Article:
The 50 Bay Area cities with inclusionary zoning have produced fewer than 7,000 affordable units. Since 1973, the average is only 228 units per year. After passing an ordinance, the average city produces fewer than 15 affordable units per year. At current rates, inclusionary zoning will produce only 4% of the Association of Bay Area Governments' estimated affordable housing need. This means that inclusionary zoning will require 100 years to meet the current five-year housing need.

Inclusionary zoning imposes large burdens on the housing market. For example, if a home could be sold for $500,000 but must be sold for $200,000, the revenue from the sale is $300,000 less. In half the Bay Area jurisdictions this cost associated with selling each inclusionary unit exceeds $346,000. In one-fourth of the jurisdictions the cost is greater than $500,000 per unit, and the cost of inclusionary zoning in the average jurisdiction is $45 million, bringing the total cost for all inclusionary units in the Bay Area to date to $2.2 billion.

Who bears the cost of inclusionary zoning? The effective tax will be borne by some combination of market-rate home buyers, landowners and builders. But most of the burden is likely to fall to the market-price home buyer.

As contractors seek to recoup their losses for having to sell some homes for below-market prices, they will have to sell the remaining, unregulated units for higher prices to remain solvent. We estimate that inclusionary zoning causes the price of new homes in the median city to increase by $22,000 to $44,000. In high market-rate cities such as Cupertino, Los Altos, Palo Alto, Portola Valley and Tiburon, we estimate that inclusionary zoning adds more than $100,000 to the price of each new home.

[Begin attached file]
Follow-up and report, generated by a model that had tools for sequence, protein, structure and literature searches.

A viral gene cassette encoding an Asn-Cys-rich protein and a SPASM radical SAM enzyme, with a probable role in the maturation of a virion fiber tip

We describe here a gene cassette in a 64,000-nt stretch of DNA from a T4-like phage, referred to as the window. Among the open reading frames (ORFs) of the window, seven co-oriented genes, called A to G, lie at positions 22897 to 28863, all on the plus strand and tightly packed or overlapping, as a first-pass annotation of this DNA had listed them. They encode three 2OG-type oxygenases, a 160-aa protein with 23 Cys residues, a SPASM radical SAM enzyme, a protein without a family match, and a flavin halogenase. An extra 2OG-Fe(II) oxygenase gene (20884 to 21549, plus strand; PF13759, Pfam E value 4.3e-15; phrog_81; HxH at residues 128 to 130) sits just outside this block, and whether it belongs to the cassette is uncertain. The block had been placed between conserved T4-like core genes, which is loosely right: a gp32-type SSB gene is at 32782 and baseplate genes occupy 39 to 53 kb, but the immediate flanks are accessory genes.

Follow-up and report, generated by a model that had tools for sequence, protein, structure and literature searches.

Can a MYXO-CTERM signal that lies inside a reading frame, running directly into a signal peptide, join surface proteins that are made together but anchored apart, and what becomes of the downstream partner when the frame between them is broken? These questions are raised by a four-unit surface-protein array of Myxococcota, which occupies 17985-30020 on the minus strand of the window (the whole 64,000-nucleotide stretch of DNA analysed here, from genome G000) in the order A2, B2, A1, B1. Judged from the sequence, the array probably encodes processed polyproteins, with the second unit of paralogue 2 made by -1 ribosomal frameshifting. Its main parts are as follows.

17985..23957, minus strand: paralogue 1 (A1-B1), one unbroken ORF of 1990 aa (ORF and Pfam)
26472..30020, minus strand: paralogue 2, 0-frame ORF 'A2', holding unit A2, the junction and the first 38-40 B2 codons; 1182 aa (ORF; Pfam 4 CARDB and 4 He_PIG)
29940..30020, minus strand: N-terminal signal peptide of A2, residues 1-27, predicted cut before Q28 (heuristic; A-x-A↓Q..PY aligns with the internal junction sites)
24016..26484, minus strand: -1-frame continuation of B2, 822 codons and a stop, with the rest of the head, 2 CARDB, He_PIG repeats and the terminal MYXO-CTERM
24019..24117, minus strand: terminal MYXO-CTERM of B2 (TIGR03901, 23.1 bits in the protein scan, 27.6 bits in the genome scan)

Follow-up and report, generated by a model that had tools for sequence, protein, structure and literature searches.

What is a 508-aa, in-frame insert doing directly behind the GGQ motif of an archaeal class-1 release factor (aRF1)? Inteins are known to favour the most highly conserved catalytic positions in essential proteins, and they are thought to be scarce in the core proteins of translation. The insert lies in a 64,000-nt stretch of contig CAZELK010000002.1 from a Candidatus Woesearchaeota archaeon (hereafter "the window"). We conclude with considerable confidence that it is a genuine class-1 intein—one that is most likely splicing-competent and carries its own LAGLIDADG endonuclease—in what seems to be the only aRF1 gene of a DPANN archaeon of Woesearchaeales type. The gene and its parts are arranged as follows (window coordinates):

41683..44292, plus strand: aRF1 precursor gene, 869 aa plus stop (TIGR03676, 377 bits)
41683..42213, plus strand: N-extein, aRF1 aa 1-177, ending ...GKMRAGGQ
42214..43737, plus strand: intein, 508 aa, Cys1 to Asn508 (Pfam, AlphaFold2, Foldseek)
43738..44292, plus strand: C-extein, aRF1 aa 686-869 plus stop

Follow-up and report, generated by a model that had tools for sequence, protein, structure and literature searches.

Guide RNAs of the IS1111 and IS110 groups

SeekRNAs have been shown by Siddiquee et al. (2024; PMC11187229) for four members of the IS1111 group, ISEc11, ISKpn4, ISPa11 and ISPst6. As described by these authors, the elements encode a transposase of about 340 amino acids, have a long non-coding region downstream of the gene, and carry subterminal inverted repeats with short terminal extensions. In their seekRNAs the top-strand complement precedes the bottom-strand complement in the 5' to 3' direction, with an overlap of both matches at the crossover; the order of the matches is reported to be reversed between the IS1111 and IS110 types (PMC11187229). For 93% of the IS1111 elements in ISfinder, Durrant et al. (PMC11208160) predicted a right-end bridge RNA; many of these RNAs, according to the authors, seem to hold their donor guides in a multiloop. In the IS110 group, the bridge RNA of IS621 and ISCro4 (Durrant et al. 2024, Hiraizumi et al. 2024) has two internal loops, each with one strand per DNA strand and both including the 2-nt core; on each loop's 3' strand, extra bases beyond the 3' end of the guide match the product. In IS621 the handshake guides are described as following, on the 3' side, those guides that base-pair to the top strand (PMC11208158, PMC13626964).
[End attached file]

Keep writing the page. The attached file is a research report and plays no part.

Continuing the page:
Inclusionary zoning drives away builders, makes landowners supply less land for residential use and leads to less housing for home buyers - the very problem it was instituted to address. In the 45 cities where data is available we find that new housing production drastically decreases the year after cities adopt inclusionary zoning. The average city produced 214 units the year before inclusionary zoning, but only 147 units the year after. Thus, new construction decreases by 31% the year following the adoption of inclusionary zoning.

In the 33 cities with data for seven years prior and seven years following inclusionary zoning, 10,662 fewer homes were produced during the seven years after the adoption of incusionary zoning. By artificially lowering the value of homes in those 33 cities, $6.5 billion worth of housing was essentially destroyed.

Price controls on new development lower assessed values, thereby costing state and local governments lost tax revenue each year. Because inclusionary zoning restricts resale values for a number of years, the loss in annual tax revenue can become substantial. The total present value of lost government revenue due to Bay Area inclusionary zoning ordinances is more than $553 million.

Benjamin Powell and Edward Stringham are the authors of the Reason Foundation study Housing Supply and Affordability: Do Affordable Housing Mandates Work?, from which the preceding was excerpted. The entire study is available at: